Don't believe Wikipedia. When it comes to the origin of that infamous singsong Cockney slang phrase "It's all gone Pete Tong" (translation: "It's all gone wrong"), the online compendium of crowd-sourced information is entirely inaccurate. As Tong himself will tell you, it wasn't his BBC DJ peers Mark Radcliffe and Marc Riley who first brought this sideways slam into popular use. Actually, the ones responsible were the smart-ass editors who produced millennium-era club kid fanzine Boy's Own.
Now why exactly was this slag bestowed upon old Pete? Well, simply because he was the biggest DJ in the world at the time. He was ripe for ribbing. He'd done everything from witnessing the birth of UK club culture in the mid-'70s to writing about its evolution through the '80s to shaping its worldwide takeover as a London Records A&R exec and BBC superstar tastemaker in the '90s. The man had even begun a career soundtracking and scoring films for big Brit directors such as Danny Boyle and Michael Winterbottom. In short, he'd done everything.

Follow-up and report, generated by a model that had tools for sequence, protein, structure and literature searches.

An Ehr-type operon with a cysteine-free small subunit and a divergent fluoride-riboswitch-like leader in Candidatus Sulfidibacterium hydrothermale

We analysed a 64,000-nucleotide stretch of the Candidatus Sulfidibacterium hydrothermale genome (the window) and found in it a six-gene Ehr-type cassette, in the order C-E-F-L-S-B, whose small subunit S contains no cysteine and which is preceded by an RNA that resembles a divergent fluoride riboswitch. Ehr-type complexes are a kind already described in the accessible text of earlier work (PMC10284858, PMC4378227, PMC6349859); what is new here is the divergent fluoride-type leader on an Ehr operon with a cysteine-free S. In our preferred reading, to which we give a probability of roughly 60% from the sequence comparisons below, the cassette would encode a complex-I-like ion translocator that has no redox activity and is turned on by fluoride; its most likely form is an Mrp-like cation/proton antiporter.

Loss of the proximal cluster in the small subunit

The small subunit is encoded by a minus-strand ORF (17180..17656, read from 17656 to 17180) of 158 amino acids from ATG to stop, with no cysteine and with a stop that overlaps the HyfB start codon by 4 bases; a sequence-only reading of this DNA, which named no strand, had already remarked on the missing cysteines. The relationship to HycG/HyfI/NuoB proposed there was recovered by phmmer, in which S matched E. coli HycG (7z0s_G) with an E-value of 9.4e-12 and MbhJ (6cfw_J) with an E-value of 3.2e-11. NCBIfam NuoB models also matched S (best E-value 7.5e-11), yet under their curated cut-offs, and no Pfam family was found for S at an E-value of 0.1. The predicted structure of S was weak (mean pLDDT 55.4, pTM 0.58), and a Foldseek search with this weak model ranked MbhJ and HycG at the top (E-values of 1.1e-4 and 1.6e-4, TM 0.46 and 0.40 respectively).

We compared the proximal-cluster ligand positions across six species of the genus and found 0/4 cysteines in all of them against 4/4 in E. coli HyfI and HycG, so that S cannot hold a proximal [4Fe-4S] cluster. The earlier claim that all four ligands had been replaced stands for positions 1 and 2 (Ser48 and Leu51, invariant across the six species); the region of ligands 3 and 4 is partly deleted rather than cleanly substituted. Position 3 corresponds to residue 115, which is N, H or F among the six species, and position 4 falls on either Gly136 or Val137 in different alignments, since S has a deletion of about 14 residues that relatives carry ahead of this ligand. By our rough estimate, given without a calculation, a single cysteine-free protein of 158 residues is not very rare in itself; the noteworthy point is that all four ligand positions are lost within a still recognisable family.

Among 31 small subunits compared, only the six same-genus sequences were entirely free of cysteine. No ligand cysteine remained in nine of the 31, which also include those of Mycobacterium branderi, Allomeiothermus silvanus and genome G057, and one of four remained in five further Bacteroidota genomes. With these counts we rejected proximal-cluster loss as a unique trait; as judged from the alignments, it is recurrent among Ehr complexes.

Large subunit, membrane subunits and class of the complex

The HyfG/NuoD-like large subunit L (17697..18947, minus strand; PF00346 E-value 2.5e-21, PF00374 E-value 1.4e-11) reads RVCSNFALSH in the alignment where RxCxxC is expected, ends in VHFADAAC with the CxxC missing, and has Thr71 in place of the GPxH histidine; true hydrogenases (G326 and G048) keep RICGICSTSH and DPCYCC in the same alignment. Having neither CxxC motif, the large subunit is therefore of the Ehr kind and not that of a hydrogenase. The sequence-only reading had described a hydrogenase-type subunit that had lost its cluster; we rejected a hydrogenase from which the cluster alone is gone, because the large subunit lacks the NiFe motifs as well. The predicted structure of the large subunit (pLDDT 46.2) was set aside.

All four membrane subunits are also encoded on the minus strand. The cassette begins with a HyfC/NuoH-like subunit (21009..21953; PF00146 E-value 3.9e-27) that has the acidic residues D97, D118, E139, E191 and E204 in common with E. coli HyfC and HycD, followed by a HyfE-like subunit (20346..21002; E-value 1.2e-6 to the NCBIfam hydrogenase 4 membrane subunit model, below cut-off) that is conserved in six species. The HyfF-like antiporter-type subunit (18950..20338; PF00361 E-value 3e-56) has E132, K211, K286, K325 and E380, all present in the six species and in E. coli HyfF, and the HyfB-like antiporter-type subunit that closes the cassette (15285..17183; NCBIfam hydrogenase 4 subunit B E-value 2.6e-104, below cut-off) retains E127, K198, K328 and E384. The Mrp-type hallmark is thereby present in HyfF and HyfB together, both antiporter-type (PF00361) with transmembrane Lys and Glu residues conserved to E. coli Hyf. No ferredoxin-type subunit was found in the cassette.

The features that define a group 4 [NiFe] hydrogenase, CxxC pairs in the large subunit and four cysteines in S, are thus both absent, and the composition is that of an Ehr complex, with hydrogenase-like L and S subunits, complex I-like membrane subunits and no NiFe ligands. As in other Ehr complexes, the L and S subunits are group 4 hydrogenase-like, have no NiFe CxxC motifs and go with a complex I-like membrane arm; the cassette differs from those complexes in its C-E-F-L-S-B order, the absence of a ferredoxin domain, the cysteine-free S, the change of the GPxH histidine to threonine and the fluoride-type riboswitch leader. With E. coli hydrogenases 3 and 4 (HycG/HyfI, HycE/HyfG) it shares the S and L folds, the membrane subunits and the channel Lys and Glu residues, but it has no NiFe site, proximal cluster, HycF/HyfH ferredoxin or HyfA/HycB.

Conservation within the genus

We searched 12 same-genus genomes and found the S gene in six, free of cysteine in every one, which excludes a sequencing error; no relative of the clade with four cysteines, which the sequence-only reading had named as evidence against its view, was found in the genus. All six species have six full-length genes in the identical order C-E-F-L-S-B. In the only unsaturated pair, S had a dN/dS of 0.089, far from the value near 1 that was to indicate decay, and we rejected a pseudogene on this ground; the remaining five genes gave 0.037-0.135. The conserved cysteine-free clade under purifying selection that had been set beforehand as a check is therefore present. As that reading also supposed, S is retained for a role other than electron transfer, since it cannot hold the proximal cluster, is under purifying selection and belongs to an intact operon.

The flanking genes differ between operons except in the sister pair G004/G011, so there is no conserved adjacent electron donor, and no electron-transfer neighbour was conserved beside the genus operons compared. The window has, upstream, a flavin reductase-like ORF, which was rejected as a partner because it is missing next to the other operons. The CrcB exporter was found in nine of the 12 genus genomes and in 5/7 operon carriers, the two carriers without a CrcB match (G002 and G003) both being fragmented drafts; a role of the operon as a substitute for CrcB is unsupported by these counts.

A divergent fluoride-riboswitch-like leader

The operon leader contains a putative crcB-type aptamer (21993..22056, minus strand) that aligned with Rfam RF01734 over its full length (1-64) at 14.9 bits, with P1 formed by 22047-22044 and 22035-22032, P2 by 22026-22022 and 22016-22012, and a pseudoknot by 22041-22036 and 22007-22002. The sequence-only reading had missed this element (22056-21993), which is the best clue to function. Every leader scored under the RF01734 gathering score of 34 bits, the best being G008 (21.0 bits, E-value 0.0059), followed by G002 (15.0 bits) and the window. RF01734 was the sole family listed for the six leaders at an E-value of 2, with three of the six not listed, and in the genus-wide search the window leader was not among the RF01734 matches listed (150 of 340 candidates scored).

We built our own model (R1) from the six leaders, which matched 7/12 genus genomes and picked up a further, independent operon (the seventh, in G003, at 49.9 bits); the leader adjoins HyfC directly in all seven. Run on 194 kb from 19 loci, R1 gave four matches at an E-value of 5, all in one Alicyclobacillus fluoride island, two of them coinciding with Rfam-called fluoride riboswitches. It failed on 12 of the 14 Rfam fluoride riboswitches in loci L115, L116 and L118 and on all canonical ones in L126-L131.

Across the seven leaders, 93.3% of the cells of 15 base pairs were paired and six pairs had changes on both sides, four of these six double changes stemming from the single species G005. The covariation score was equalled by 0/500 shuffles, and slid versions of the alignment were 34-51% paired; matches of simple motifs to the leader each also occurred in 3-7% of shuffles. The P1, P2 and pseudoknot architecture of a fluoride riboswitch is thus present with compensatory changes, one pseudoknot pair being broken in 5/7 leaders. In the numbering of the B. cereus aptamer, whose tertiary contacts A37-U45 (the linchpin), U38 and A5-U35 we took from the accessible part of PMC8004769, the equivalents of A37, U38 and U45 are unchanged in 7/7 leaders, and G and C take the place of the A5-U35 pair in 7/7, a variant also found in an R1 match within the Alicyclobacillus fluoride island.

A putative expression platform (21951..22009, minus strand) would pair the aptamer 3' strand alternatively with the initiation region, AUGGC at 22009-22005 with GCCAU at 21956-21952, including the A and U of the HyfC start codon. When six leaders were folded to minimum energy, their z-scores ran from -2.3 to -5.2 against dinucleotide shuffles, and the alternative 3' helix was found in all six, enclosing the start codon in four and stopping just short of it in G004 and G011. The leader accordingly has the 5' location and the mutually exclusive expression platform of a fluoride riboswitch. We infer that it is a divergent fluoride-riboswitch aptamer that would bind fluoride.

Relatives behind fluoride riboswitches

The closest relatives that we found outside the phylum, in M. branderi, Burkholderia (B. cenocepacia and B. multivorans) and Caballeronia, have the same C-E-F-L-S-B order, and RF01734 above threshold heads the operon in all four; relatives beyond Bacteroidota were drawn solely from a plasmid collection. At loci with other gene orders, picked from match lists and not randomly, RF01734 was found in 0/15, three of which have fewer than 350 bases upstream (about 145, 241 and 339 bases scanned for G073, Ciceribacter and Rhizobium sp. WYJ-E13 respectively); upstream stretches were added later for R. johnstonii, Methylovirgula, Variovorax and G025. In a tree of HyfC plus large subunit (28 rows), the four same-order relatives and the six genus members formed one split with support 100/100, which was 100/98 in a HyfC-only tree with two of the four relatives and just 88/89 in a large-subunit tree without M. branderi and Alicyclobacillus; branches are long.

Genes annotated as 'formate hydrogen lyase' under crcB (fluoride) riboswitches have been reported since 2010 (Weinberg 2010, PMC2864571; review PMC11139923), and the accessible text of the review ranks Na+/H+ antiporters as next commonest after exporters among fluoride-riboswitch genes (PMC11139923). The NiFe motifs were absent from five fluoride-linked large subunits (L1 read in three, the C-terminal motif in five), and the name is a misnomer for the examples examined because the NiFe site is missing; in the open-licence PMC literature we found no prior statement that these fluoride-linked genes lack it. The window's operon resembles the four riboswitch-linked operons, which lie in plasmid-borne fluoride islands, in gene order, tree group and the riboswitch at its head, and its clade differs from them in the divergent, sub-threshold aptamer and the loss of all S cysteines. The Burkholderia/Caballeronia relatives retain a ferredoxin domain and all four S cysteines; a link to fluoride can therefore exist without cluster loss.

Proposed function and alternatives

These days, Tong has settled into his role as EDM's elder statesman, a legend who can take a little friendly abuse. So when you greet him Wednesday with an overeager "It's all gone Pete Tong," he'll probably still shake your hand and take your mixtape.
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